Where did Ryan Gosling come from? I mean, I know he was a Mouseketeer and that he turned a couple heads in The United States of Leland and The Notebook. Even still, he seemed to come out of nowhere with Half Nelson, having undergone a foggy transformation from burgeoning boy-wonder to serious thespian. He has since been cultivating a persona built upon a precious (pretentious?) commitment to avant-garde idealism, a dryly humorous willingness to mock Hollywood, and an outrageous-yet-dapper personal style. Also, abs. His counterparts are James Franco and the late Heath Ledger. Yet while Franco’s antics seem more and more annoying (and Ledger’s death more and more tragic) Gosling’s star continues to rise and rise and rise. So, again, where did Ryan Gosling come from? Wherefore lies his particular allure?
Gosling has been slowly perfecting a unique filmic masculinity that hearkens back to Clint Eastwood and John Wayne while feeling entirely fresh and new at the same time. His characters are usually reticent, incapable of or unwilling to be expressive, to share their inner souls. He specializes in blank, enigmatic looks that make you want to swoon-scream: “What are you thinking?” Even his extraordinarily verbose husband in Blue Valentine seemed to speak only because he desperately wanted to know what his wife was feeling and yet equally desperately could not hear what she said. He seems untouchable, un-get-at-able. He’s the opposite of the tortured, emo, vampire boys, the Louises and Edwards and Bills and Stefans, with their obsession with endlessly reporting their tortured, eternal angst. Yet like them he also seems out of time, specializing in films that look set in an earlier time but aren’t (Half Nelson, Lars and the Real Girl, Blue Valentine, Drive). Gosling’s filmic masculinity hits its apex in Drive, with a character so mysterious he does not even have a name; he’s only know as Driver.
Perhaps we are entering an age of movies-about-movies or, better, movies that self-consciously exist in a cinematic universe. People made that argument about Pulp Fiction and I believe that it also applies to The Artist. It certainly applies to Drive, which looks and sounds, stylistically, like it’s set in the early 1980s, yet the cars give it an aura of that late 1990s world of Ronin, Fast and Furious, etc. while the cell phones make it clear that it’s actually set now. The cast, too, seems mixed in time with a resurgent performance from Albert Brooks, the 1960s-affiliated Christina Hendricks, the elfin delicacy of Carrie Mulligan, and the hulking menace of Ron Perlman. These components all evoke that “out of timeness” that Gosling personifies and signal a movie universe that bears only a passing resemblance to the real world. (Gosling’s out of timeness seems also to come from his penchant for playing working class characters, an interesting aspect outside the purview of this post.) Such movies run the risk of seeming like all style and no substance yet when they exhibit the masterful craftsmanship of Drive it’s probably best to just enjoy the ride.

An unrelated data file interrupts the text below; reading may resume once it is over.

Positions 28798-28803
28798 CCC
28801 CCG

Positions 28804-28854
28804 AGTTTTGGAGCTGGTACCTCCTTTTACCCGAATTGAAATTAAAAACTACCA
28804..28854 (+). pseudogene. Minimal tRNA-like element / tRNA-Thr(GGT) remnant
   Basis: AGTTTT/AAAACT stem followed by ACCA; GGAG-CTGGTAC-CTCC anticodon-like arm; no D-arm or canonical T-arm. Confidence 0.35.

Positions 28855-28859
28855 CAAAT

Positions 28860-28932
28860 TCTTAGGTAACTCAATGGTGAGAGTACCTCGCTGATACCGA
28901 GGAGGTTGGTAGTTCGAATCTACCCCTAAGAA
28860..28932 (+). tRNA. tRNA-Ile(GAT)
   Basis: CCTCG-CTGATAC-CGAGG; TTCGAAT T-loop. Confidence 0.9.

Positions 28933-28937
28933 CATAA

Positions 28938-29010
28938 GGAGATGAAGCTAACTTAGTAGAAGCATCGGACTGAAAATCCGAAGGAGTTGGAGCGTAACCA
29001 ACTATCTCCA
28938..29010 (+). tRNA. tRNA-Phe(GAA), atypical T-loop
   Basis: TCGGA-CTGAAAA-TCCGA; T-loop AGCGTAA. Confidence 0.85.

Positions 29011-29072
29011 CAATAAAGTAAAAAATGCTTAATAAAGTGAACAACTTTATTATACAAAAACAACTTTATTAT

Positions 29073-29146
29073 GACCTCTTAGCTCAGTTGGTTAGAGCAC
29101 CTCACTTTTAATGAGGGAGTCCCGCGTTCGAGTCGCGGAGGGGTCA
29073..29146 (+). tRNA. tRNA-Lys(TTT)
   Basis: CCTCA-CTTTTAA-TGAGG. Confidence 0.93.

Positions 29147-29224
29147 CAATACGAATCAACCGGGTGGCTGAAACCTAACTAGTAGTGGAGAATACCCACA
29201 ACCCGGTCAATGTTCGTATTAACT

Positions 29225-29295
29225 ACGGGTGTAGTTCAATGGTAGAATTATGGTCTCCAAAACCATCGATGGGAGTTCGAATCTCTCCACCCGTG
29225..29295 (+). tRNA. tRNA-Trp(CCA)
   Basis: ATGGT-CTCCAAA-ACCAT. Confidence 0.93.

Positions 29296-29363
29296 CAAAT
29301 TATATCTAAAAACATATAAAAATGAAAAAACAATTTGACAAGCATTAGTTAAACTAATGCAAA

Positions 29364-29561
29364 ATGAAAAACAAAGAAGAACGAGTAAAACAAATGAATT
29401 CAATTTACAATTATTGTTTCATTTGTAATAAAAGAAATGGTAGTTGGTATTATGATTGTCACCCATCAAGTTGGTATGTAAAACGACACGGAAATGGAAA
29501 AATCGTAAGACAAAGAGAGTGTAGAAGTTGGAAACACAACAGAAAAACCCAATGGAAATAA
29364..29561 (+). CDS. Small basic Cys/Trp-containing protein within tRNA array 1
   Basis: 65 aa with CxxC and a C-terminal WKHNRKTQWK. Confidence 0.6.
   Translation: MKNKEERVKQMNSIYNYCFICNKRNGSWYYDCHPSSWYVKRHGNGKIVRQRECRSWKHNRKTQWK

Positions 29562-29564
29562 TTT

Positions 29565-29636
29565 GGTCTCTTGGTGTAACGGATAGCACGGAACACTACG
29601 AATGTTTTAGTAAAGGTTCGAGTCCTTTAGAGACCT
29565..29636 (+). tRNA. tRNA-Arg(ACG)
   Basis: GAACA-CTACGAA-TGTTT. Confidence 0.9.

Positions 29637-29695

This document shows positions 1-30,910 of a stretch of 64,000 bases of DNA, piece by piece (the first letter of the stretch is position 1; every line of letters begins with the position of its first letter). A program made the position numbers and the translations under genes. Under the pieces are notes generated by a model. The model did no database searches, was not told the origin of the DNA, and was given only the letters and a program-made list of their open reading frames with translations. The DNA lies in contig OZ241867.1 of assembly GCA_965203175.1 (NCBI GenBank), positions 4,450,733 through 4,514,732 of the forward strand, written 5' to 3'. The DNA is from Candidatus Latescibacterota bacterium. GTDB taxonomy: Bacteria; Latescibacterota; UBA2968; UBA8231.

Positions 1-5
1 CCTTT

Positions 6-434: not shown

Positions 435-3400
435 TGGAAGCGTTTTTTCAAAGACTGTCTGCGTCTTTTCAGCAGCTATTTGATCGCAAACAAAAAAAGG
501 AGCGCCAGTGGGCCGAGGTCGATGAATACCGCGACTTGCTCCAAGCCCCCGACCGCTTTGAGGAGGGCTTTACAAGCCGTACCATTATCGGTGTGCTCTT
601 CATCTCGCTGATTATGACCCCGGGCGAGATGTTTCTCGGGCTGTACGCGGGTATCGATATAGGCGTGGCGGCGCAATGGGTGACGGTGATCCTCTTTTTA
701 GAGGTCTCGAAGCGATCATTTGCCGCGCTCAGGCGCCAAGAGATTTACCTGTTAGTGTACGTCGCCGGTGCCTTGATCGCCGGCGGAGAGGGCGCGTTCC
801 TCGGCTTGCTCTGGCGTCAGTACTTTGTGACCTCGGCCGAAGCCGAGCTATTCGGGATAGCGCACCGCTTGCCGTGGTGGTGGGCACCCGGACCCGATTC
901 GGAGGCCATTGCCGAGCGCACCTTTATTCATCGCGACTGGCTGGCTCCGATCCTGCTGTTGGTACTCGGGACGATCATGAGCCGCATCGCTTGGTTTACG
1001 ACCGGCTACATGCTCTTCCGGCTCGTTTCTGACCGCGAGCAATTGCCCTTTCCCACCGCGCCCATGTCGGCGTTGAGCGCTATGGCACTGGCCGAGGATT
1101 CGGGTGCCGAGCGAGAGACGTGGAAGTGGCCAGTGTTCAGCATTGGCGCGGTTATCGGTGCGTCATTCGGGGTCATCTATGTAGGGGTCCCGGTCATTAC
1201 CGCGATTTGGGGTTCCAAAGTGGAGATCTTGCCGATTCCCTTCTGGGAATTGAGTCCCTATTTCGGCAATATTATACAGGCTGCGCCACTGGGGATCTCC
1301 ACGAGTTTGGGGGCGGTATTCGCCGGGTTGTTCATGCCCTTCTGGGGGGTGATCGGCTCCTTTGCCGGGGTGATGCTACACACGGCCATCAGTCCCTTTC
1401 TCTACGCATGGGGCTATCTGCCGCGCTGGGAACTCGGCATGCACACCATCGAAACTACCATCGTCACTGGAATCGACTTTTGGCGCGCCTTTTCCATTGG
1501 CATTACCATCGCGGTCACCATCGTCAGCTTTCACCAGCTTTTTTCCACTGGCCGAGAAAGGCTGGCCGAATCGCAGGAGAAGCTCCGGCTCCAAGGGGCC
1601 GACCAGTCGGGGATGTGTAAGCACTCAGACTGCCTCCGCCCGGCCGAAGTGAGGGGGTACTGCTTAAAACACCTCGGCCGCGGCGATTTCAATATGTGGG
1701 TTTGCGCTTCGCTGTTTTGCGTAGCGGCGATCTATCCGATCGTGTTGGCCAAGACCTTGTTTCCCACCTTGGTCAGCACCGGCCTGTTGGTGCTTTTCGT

Similarly, Gosling’s Driver is not human. He comes from nowhere, possessing an inherent understanding of cars–how to fix them, how to drive them. He says almost nothing. He will kill if need be, brutally, but takes no pleasure in doing so. He loves selectively, forever, and without fanfare. If Driver were a real person his detachment and brutality would mark him as a a sociopath while his preternatural automotive abilities fit the stereotype for an autistic. He almost seems like Michael Meyer’s good guy cousin. Yet we root for this bizarre figure mostly because a. he’s freaking cool and b. because his protection of Irene (Mulligan) and her son seems pure. Gosling has perfected a rather intriguing equation: freaking cool + damaged + enigmatic + unwaveringly devoted = crazy, stupid hotness.
So why now? Why Gosling, whose name evokes adorable baby birds rather than sex appeal? Earlier I contrasted the kinds of characters Gosling seems to prefer with the tortured vampire types. That type has had a long run, since the 1990s at least when we were treated not only to Brad Pitt’s Louis but also the grunge-era angst of Ethan Hawke, Johnny Depp, and Kurt Cobain. (The fact that Cobain and Pitt have been superseded by Robert Pattinson makes me weep but that’s a subject for another post.) Of course, every soulful emo man has a bad-boy counterpart, our other option: Bill has Eric; Louis has Lestat; Stefan has Damon. Really, it’s romance novel 101. Gosling’s guys fit neither of these personae but then again they seem to fit both. (Jacob from Crazy, Stupid, Love most overtly caricatures this balance.) They’re not smouldering bad boys, they’re not good guys in need of salvation. Yet they concurrently seem good and bad, and profoundly unattainable. Driver loves Irene; Jacob loves Emily (Emma Stone); Dan loves his drugs; Lars loves his blow-up doll; but no Gosling character will ever love you. His love always seems unwaveringly specific.
So as a feminist how do I account for the appeal of Gosling since “desiring the unattainable” seems like such a cliché? Moreover, I would not actually want to be with any of Gosling’s characters, perhaps the inhuman Driver most of all. Heck, I wouldn’t want to be with Ryan Gosling. Yet if a movie poster says “Ryan Gosling” on it, I will see that film. I think it stems from intensity, an intensity that I see in Gosling’s characters (that “unwavering devotion”) and in Gosling’s star text. There is something attractive about deep commitment; it’s part of why we admire virtuosos of any stripe. Gosling’s brand of masculinity pursues what it wants with single-minded focus and that willingness to commit, that passion, works for me.